The Bar News

Best Practice: Law Firm Partnership - Pros and Cons

Asked and Answered

By John W. Olmstead, MBA, Ph.D, CMC

Q. I am a solo owner of a small law firm in Southern Illinois and have been solo for ten years. I have two staff members in the firm. Recently I have been contemplating either bringing in a partner or joining another firm? What are the advantages and disadvantages?

A. Partnership can offer its lawyers a measure of value independent of the skills, talents, and contributions of its individual partners?


The advantages that the best law firms have over sole practitioners or groups of lawyers who share overhead include:

  • Shared skills and expertise
  • Backup or additional help when needed
  • A safety net during economic downturns
  • Shared resources, such as technology, library and research access, forms, and work products
  • Cross-selling and/or referral of work
  • Access to the expertise of lawyers in various disciplines
  • Highly trained associates, legal assistants, and support staff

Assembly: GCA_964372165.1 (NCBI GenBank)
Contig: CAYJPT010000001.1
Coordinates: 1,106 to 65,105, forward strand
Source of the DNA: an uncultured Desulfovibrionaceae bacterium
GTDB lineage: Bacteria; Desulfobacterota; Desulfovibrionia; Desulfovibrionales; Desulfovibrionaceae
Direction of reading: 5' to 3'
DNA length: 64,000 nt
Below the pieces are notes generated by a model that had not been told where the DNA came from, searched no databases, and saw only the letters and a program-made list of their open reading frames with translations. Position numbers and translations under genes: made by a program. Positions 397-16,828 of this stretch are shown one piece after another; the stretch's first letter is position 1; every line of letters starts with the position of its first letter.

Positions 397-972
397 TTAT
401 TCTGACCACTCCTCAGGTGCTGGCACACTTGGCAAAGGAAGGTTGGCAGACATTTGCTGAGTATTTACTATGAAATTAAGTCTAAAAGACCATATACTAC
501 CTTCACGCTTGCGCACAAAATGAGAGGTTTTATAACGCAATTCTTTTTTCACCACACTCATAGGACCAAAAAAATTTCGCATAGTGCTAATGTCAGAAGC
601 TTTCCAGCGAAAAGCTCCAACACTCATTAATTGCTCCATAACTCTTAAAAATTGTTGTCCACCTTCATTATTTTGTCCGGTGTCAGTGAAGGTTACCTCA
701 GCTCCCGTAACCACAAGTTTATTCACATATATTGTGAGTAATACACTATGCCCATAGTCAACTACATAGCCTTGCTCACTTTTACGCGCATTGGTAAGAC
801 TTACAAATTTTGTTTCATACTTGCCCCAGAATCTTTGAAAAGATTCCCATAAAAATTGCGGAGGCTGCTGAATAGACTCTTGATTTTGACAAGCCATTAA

• A firm name or reputation that makes marketing easier
  • More-sophisticated and highly skilled management
  • Opportunities for individual lawyers to become highly specialized
  • A system of partner coaching that brings out the best in each partner
  • Emotional support, encouragement, and personal recognition
  • Flexibility that allows lawyers to be more involved in probono, community, and bar activities
  • Continuation of the firm beyond the tenure of the current owners


Like anything else in life nothing is free and there are tradeoffs. There can be conflict and interpersonal struggles, large capital contributions, requirements for you to be guarantor on huge firm debt balances, missed paychecks, and loss of independence.

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John W. Olmstead, MBA, Ph.D, CMC,( is a past chair and member of the ISBA Standing Committee on Law Office Management and Economics. For more information on law office management please direct questions to the ISBA listserver, which John and other committee members review, or view archived copies of The Bottom Line Newsletters. Contact John at

Posted on November 2, 2011 by Chris Bonjean
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